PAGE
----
Logic of Science, which looks like a really interesting blog over here, gave me permission to repost this good synopsis of theists’ approach to abiogenesis in the context of the sort of Goddidit Argument from Ignorance we so often see, and have seen here from some commenters.
Here is the summary, and thanks again:
“Where did life come from?” It is a question people have thought about for millennia, and it is a question that is worth trying to answer. Nevertheless, not everyone is interested in looking for that answer. Indeed, many people prefer to simply insert god as the answer rather than actually wrestling with the question. Even worse, young earth creationists, intelligent designers, and some theistic evolutionists cite the current lack of a scientific answer as evidence that there is no scientific answer. In other words, they use the gap in our knowledge as an argument for a creator, and insist that since science doesn’t currently have an answer, the answer must be god. In reality, however, this argument violates fundamental concepts of both logic and science. Therefore, I want to talk about it and explain why it is not valid to say, “science can’t explain this, therefore god did it.”
Note: As always, this post is about science, not whether or not god exists. If you are a Christian or any other form of theist, I do not want you to read this as an attack on your religion. All that I am doing is addressing one particular, flawed argument. For the sake of this blog, I don’t really care what you believe as long as it does not cause you to reject science. That isn’t to say that debates about whether or not god exists aren’t worth having, but simply that this blog isn’t the place for them.
Abiogenesis is not the same as evolution
Before I can talk about the argument itself, we need to get our terms straight. Abiogenesis refers to the formation of a living cell from non-living matter. Evolution refers to the changes that occurred to life after the first cell formed (technically speaking, evolution is simply a change in the allele frequencies of a population over time). So, abiogenesis and evolution are not the same thing, and you cannot use them interchangeably, nor can you use an argument about one as evidence against the other. To put that another way, the theory of abiogenesis deals with how life formed, and the theory of evolution deals with what happened after life formed. They are not related to each other, nor do they depend on each other. Therefore, even if you could somehow prove that it was impossible for a cell to form from non-living matter (which you can’t, btw), you would have done nothing to discredit evolution. In other words, you would have shown that a creator had to make the first cell, but you would not have shown that evolution did not take place following that initial creation (indeed, that is precisely what some groups of theistic evolutionists believe).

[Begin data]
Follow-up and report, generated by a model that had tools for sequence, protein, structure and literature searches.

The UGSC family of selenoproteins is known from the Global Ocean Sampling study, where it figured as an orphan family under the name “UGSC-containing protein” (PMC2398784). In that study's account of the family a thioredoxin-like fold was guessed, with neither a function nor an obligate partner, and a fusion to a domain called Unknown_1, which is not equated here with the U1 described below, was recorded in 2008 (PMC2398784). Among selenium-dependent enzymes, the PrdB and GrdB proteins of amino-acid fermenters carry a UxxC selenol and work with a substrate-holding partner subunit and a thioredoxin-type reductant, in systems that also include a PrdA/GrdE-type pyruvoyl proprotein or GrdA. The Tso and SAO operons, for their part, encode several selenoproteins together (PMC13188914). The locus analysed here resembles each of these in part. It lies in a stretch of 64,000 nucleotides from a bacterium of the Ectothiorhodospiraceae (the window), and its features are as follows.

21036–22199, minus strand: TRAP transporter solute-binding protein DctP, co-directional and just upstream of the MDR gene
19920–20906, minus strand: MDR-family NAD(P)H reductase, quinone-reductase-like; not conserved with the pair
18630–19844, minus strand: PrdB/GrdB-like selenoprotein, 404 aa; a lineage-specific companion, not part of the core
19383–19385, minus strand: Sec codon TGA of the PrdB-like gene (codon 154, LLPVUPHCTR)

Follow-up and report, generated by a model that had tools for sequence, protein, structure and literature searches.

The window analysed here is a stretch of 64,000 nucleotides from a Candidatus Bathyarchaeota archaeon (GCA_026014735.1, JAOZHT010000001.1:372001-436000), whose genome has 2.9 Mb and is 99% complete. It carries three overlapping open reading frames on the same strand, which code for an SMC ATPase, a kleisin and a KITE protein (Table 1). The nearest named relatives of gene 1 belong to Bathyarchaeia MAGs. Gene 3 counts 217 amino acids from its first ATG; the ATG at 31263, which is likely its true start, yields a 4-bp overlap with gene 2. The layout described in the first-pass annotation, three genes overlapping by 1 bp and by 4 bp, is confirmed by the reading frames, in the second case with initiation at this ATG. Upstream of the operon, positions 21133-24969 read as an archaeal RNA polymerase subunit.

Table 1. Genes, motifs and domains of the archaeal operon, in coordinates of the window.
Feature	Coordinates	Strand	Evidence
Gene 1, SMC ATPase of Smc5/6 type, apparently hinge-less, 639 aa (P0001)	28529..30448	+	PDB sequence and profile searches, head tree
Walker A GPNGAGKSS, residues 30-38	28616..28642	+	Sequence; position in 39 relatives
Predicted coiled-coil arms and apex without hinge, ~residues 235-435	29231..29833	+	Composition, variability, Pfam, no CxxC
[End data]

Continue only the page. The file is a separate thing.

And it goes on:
Argument from ignorance fallacies
Now that we have our terms straight, let’s turn to the argument itself. It is true that scientists currently do not know exactly how the first cell formed. We have made a lot of progress in understanding it, but we have yet to get all the pieces together and actually make a living cell. Keep in mind, however, that the chemistry of life is exceeding complex, so it is hardly surprising that we have yet to complete such a complicated puzzle. Nevertheless, the current lack of a scientific explanation leads to the exceedingly common argument that since science does not currently have an answer, the answer must be god. That argument is, however, fraught with problems, the most obvious of which is the blatant argument from ignorance fallacy. I realize that tossing around the names of logical fallacies tends not to convince people, so let’s talk about this. I want to explain what that means, and why it is a problem.
An argument from ignorance is basically just an argument that fallaciously uses a lack of evidence as evidence of something else. In other words, it takes a gap in our knowledge, then inserts an assumption into that gap and attempts to use the gap as evidence that the assumption is true. Let me give you a few examples.
“No one has proved that Bigfoot doesn’t exist. Therefore, it exists.”